Remember The Wonder Years?

Remember The Wonder Years? | ecogreenlove

I’m currently re-watching “The Wonder Years” during my crafty moments and I’ve come across many lessons and also memories. Somehow is one of those undervalued series that could, among some of those from the 90s, make a come-back. Now, it makes more sense wince I’m watching the series as an adult, back then it was just the cute guy Kevin and wondering if he would end up with Winnie, but now it has a deeper meaning. It triggers my own family memories and invites to me reflect on how things used to be before internet, smartphones and being aware of consumerism and plastic pollution.

Now that I have managed to bring those topics, here is what I watched on the season 5 episode 3 of these good-old series:

In case you don’t know what The Wonder Years: it was a series about a family in the end of the 60s and beginning of the 70s taking place in the USA. Kevin, the youngest of the family, is the main character and narrator as an adult who describes and remembers his moments as a teenager. (Long story very, very short).

In this particular episode called “The Hardware Store”, there are two quotes I would like to rescue and have absolutely everything to do with ecogreenlove. Kevin is working at this hardware store owned by a grumpy and old-fashioned old man (Mr. Harris), but his dad (who got him the job in the first place) tells him to keep the job because he will learn some valuable things. On the other hand, Kevin thinks is very boring (back then, the concept of working was that you don’t have fun at work, why would you? then, it wouldn’t be a job) and his friends mock him and the old man.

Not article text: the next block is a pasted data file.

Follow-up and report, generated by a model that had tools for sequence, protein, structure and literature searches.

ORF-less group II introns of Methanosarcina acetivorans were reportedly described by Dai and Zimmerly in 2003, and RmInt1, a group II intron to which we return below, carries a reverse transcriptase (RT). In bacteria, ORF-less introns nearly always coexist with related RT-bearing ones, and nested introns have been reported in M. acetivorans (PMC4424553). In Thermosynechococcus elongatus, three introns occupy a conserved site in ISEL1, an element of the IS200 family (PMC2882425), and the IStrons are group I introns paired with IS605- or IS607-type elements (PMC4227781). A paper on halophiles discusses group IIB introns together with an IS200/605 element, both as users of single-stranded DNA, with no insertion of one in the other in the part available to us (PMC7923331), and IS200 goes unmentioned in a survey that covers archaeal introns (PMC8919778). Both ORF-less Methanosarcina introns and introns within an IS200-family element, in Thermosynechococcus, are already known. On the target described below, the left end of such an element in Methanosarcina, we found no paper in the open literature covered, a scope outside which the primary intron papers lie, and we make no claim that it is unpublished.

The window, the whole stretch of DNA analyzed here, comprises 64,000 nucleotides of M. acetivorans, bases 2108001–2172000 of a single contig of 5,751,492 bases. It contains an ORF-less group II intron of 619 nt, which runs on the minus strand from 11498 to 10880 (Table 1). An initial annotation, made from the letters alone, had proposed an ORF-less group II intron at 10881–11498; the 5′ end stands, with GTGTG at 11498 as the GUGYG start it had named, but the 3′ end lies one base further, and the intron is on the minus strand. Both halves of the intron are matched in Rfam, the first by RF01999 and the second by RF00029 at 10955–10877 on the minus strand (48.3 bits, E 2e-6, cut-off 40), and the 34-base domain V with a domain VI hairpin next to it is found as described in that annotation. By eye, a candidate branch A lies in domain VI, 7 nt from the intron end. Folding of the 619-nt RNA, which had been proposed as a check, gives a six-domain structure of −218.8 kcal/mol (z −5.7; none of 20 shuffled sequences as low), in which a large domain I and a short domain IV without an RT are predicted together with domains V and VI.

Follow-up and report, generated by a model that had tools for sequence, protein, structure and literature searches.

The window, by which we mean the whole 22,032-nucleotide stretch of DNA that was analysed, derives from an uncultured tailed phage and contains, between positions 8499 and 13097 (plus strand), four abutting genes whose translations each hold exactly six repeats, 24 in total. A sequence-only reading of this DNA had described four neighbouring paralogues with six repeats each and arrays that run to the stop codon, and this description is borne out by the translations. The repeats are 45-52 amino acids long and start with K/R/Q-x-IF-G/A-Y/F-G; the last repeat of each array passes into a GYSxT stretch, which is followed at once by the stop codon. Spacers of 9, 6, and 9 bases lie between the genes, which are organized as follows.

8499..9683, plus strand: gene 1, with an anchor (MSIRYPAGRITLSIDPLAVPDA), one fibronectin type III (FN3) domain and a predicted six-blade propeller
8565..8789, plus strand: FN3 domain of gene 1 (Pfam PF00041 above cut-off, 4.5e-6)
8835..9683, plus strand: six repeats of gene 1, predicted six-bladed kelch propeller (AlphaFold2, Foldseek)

One day, they go to the mall and they see some pretty girls going to buy fast food and Kevin is amazed that there is this guy from school who works there to serve the food. Kevin as an adult narrates: “Girls nine deep around some kid in a stupid hat and a plastic nametag.” So Kevin tries to work there (for the girls) but also because he finds that this kid earns 15 cents more an hour.